Supplementary Figure 3. TKK-PLTs are not recognized by α-PLT both in vitro and in vivo. Platelets from C57BL/6J mice (C57BL/6J PLT) (a) or mGP-Ibαnull;hGP-IbαTg mice (TKK-PLT) (b) were analyzed by FACS analysis using anti-human GP-Ibα and α-PLT (anti-mouse GP-Ibα). (c) Two groups of C57BL/6J mice (n = 4) that received a single dose of α-PLT were injected 24 h later with either TKK-PLTs (6 × 108/mouse, open triangles) or C57BL/6J PLTs (6 × 108/mouse, solid squares). Blood samples were collected at the indicated time points after platelet reconstitution and platelets counts are expressed as mean ± standard deviation. Blood samples from C57BL/6J mice injected with NaCl (gray circles) served as controls.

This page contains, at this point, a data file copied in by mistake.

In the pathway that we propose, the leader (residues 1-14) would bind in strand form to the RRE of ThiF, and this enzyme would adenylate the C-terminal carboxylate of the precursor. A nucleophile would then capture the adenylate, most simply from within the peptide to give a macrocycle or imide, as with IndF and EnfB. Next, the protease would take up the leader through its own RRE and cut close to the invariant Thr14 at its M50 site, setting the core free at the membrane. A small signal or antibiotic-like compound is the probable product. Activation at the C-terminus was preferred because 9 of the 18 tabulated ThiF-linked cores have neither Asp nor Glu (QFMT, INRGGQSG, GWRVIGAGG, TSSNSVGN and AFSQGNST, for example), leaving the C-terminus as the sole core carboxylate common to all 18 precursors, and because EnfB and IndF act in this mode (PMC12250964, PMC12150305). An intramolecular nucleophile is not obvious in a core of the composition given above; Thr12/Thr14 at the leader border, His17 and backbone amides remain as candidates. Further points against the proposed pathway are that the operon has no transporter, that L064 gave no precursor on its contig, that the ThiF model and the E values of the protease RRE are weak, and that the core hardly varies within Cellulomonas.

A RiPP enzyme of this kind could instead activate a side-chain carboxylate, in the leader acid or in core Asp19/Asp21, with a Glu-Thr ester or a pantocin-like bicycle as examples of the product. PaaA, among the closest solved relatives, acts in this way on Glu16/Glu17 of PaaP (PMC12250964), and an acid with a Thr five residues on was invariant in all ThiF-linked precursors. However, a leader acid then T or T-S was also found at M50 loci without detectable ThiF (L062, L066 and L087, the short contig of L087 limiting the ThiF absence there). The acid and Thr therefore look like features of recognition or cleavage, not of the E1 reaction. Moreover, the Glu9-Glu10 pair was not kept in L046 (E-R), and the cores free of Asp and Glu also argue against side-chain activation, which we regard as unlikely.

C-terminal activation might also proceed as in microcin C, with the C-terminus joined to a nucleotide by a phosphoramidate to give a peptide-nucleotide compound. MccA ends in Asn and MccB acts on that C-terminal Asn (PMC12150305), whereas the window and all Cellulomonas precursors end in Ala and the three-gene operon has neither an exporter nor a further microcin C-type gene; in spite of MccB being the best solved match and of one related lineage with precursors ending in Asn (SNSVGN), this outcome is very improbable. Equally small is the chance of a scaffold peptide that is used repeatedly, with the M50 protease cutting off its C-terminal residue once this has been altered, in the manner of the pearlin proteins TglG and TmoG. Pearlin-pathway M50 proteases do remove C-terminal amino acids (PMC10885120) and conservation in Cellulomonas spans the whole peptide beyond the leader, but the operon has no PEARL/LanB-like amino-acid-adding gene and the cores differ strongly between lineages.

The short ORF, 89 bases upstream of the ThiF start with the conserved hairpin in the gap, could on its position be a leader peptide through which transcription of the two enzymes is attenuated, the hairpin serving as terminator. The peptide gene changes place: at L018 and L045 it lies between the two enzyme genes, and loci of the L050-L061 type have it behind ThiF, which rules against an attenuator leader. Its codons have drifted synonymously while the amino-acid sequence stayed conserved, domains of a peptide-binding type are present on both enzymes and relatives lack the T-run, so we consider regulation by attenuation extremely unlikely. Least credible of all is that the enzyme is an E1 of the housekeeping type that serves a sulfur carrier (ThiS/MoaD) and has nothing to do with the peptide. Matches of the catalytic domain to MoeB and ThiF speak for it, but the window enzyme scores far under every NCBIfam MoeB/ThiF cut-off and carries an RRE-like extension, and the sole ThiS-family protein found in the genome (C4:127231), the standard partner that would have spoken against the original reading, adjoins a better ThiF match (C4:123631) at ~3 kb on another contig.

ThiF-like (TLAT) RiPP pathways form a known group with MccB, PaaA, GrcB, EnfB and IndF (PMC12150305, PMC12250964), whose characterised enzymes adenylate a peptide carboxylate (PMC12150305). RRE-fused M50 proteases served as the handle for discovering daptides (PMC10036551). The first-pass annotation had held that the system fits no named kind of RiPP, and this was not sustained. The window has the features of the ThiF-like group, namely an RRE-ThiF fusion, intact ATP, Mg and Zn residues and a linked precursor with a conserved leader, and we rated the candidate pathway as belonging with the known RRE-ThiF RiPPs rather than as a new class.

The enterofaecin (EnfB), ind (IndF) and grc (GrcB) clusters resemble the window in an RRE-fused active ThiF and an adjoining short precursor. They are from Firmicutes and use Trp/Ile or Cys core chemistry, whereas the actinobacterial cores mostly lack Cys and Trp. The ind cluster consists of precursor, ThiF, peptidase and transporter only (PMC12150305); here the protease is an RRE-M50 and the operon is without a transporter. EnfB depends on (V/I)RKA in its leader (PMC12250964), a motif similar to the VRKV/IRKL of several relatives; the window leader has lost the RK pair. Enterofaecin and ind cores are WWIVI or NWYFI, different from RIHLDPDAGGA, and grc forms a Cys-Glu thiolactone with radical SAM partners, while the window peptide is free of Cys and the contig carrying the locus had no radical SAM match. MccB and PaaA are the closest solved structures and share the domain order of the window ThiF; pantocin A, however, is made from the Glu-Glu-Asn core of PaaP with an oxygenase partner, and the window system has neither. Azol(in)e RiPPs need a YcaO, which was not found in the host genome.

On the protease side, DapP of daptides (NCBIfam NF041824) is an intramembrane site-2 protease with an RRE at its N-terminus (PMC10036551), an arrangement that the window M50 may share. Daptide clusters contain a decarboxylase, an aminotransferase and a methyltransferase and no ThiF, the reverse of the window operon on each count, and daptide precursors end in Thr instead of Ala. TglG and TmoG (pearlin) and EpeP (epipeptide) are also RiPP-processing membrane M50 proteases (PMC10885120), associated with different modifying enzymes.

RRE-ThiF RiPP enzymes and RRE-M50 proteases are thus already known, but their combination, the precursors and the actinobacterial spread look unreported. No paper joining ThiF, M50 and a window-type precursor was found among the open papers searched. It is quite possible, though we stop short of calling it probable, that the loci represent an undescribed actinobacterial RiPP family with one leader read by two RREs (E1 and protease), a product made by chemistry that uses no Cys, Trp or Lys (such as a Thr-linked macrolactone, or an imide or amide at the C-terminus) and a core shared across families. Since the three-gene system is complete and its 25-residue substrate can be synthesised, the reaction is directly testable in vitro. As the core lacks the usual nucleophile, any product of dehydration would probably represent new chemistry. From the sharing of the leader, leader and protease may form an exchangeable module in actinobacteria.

Supplementary Figure 4. Restoration of liver disease severity, CTLs accumulation and intrahepatic IFN-γ expression in platelet-depleted mice upon TKK-PLT transfusion. (a-d) Groups of HBV transgenic mice (n = 4) were injected either with α-Irr (white bars) or α-PLT (black and red bars) 24 hrs before injection of HBV CTLs. One group (red bars) also received TKK-PLT 4 h later. Mice receiving NaCl (dark gray bars) or α-PLT and TKK-PLT but no CTLs (light gray bars) served as controls. All animals were killed simultaneously, 1 d after CTL injection. Serum ALT (a), absolute numbers of intrahepatic CTLs (b) and Ifng mRNA (c) are expressed as mean ± standard deviation. (d) The platelet counts (mean ± standard deviation) in blood samples collected from all the animals in each group at the time of autopsy are shown. (e-h) Groups of lacZ-immunized C57BL/6J mice (n = 4) were injected either with α-Irr (white bars) or α-PLT (black and red bars) 3 h before injection of RAd35. One group (red bars) also received TKK-PLTs 36 h later. Mice receiving NaCl (dark gray bars) or α-PLT and TKK-PLTs but no RAd35 (light gray bars) served as controls. All animals were killed simultaneously, 3 d after RAd35 infection. Serum ALT (e), absolute numbers of intrahepatic CTLs (f) and Ifng mRNA (g) are expressed as mean ± standard deviation. (h) The platelet counts (mean ± standard deviation) in blood samples collected from all the animals in each group at the time of autopsy are shown.